An over-budget, Bilbao-esque exercise in convolution that wastes a rare opportunity
Arguably it’s all the fault of Frank Gehry’s Guggenheim (AR Dec 1997). Not that the ‘Bilbao effect’ was a new phenomenon: before that people talked about the ‘Beaubourg effect’ to describe the gentrification brought on by the Centre Pompidou, while in the 19th century Charles Garnier’s Opéra was the star cultural linchpin in the redevelopment of a run-down quartier. But Gehry’s Guggenheim did it in such a spectacular way, at the scale of a city, the world took notice, and tried to copy its success.
First mooted in 1999, Lyon’s Musée des Confluences was intended as the keystone in the revitalisation of a former industrial area, a spit of land whose tip marks the confluence of the rivers Saône and Rhône. On this strategic site, a museum ‘like none other anywhere in the world’ (in the words of its first director, Michel Côté) would mix science, art, anthropology and new technologies in a liberating confluence of popular accessibility. The initial impetus for its creation came because the 19th-century building housing the Musée Guimet d’Histoire Naturelle was in dire need of renovation, but, to justify the new super-museum, ethnographic and artistic collections were added to ‘tell the story of man from his origins to the modern day’, in the words of the current director, Hélène Lafont-Couturier.
The architectural competition was held in 2000, the results announced in February 2001, with opening initially planned for 2005. The man behind it all was Michel Mercier, president of the Conseil Général du Rhône (1990-2013), who wanted not only to leave his mark on the département’s principal city, but also to wow voters in the 2001 municipal elections, which took place a month after the competition result and in which he was standing to become mayor of Lyon. So the site had to be the most spectacular of all, and the project the most Bilbao-esque too: Coop Himmelb(l)au’s ‘Crystal-Cloud of Knowledge’. Both choices would turn out to be deeply regrettable.
The budget for the new museum was drawn up before the site had been confirmed, and a sum of €61 million for a 19,000m2 museum arrived at. And this was the figure for which the architects signed a contract in 2002. As it turned out, it wasn’t quite enough to construct solid foundations at the confluence of two major rivers. But worse was to come. Coop Himmelb(l)au didn’t seem to know how to build their complex design, let alone within the prescribed costs. Used to working in steel with firms who presumably did all the calculations for them, they appeared unprepared for a French industry that isn’t anywhere near as experienced. (France is a country of concrete construction: the Centre Pompidou was famously made by Krupp after French tenders proved too expensive, while more recently Citroën was forced to turn to German knowhow for the convoluted steel frame of its Champs-Elysées showroom.) Indeed the first contractor, BEC, threw in the towel in 2008, complaining not only that it had had to redo all the architects’ calculations because of their ‘lack of definition’, but that insurance costs for such a complex structure had become prohibitive after the partial collapse of Charles-de-Gaulle Terminal 2E in 2004. A year and a half was wasted seeking new tenders, with French construction giant Vinci finally picking up the poisoned chalice in 2010.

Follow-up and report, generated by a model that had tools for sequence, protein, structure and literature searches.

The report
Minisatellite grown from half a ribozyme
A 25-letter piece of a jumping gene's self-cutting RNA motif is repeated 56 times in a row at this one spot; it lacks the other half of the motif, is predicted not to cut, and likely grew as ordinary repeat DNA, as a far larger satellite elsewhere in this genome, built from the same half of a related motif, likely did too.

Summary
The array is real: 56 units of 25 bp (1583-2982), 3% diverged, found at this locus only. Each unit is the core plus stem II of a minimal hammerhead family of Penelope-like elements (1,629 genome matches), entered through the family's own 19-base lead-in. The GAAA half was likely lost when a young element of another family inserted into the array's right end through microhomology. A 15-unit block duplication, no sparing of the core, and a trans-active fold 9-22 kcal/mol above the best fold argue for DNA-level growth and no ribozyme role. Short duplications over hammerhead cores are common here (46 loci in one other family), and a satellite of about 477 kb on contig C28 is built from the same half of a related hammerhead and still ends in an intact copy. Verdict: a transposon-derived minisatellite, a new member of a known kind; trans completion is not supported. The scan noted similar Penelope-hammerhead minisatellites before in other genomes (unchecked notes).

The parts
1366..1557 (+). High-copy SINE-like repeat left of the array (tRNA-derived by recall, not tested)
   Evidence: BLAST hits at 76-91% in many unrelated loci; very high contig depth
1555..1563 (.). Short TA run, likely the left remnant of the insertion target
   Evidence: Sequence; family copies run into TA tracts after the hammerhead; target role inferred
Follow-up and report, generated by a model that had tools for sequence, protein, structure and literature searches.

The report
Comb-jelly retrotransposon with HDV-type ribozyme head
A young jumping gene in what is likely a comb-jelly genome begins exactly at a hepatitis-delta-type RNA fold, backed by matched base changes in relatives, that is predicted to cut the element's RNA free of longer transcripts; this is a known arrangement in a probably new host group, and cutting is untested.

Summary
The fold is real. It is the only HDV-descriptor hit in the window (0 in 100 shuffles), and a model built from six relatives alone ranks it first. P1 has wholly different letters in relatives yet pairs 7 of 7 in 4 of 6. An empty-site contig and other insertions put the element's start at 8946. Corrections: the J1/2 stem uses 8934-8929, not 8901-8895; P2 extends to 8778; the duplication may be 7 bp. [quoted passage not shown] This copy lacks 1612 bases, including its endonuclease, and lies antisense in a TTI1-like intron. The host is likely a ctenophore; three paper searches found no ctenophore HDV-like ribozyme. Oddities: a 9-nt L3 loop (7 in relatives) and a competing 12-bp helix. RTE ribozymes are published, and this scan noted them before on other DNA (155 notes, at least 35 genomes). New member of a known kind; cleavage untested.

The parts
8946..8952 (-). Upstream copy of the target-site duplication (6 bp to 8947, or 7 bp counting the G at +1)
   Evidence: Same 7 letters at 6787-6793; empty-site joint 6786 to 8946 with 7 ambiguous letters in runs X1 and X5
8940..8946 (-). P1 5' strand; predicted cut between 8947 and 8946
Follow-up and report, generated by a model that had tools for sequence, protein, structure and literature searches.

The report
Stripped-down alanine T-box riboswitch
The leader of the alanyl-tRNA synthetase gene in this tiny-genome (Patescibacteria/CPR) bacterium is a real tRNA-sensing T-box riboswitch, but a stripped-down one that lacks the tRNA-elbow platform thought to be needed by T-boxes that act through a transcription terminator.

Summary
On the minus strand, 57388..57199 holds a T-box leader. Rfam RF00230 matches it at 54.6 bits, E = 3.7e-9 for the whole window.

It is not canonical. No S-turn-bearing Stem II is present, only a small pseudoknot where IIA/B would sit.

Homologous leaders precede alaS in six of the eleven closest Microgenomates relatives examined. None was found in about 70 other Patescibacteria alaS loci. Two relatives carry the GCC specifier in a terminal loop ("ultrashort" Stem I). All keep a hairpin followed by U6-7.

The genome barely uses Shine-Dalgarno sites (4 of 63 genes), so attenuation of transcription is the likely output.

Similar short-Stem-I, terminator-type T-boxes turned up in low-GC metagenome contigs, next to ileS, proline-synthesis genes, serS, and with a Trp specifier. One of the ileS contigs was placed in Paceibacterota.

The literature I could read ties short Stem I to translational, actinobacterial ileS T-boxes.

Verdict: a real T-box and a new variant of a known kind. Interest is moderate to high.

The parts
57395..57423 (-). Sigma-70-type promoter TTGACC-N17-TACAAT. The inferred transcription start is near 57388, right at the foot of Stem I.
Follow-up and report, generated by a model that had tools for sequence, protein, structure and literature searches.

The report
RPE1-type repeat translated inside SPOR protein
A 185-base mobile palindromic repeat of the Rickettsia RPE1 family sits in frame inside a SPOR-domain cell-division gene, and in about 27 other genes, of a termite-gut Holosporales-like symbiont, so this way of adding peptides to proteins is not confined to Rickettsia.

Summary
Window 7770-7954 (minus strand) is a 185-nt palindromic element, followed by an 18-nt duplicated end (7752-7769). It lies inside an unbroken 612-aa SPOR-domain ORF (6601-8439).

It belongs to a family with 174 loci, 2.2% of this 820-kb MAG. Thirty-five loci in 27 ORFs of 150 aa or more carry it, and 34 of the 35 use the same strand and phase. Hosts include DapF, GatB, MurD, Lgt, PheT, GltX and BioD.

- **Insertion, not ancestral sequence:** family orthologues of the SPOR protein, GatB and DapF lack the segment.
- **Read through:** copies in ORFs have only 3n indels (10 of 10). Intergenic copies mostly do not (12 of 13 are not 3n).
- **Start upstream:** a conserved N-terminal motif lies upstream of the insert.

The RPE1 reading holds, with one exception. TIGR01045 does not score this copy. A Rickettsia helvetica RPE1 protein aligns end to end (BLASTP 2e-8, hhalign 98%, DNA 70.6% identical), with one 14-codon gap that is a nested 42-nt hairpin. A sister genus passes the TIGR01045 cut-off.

‘Residents of the Département du Rhône have seen unjustified tax hikes of 18 per cent to finance it’
Completed earlier this year, not only was the Musée des Confluences a decade late, it was also 319 per cent over budget if you believe the official figure of €255.4 million. But CANOL, taxpayers’ watchdog, says the real price, based on its examination of the Conseil Général’s accounts, is closer to €328 million (438 per cent over budget), and claims that a case for a much higher total can be made taking into account the knock-on effects: to meet the extra cost, real estate and shares were sold that, by 2014, represented over €300 million in lost income, and toxic loans of around €450 million were taken out between 2006 and 2010, of which at least part must have been used to pay for the museum. Even though Mercier promised there wouldn’t be any tax increases to finance it, residents of the Département du Rhône have seen unjustified hikes of 18 per cent on certain contributions. Then there are the operating costs. Due to the museum’s elephantiasis - for some reason the 6,000m2 of gallery space is accompanied by a whopping 20,000m2 of auxiliary spaces (of which the reserve collections represent a fraction, conservation and some storage being undertaken off-site) that float around in a carcass of 46,000m2 (gross) - and because of its convoluted design, the annual maintenance budget will be steep, with cleaning of the glass atrium estimated at €100,000pa alone.
If the museum’s architecture were any good, the extravagance wouldn’t seem so bad. But was ever the breach between intent and execution more gaping than in this ‘Crystal-Cloud’? A lumbering cyborg-dinosaur, its column-mounted, aluminium-clad ‘Cloud’ has all the lightness of a lump of lead, while the giant funfair atrium is as crystalline as a colander, vastly more steel having been needed than the architects initially calculated. Did the 6,000m2 of no-nonsense black-box gallery space really need this fatuous, pretentious, exorbitant wrapper? Not for a long time, given the economic climate, will we see sums like this spent on culture, a context that makes the missed opportunity all the more outrageous.
Etymologically the word ‘outrage’ is from the Old French oltrage - ‘harm, damage; insult; criminal behaviour; presumption, insolence, overweening’ - from the Vulgar Latin ultraticum, ‘excess’. This is precisely what is outrageous about the Musée des Confluences: its wasteful, harmful, ill-considered, overweening excess.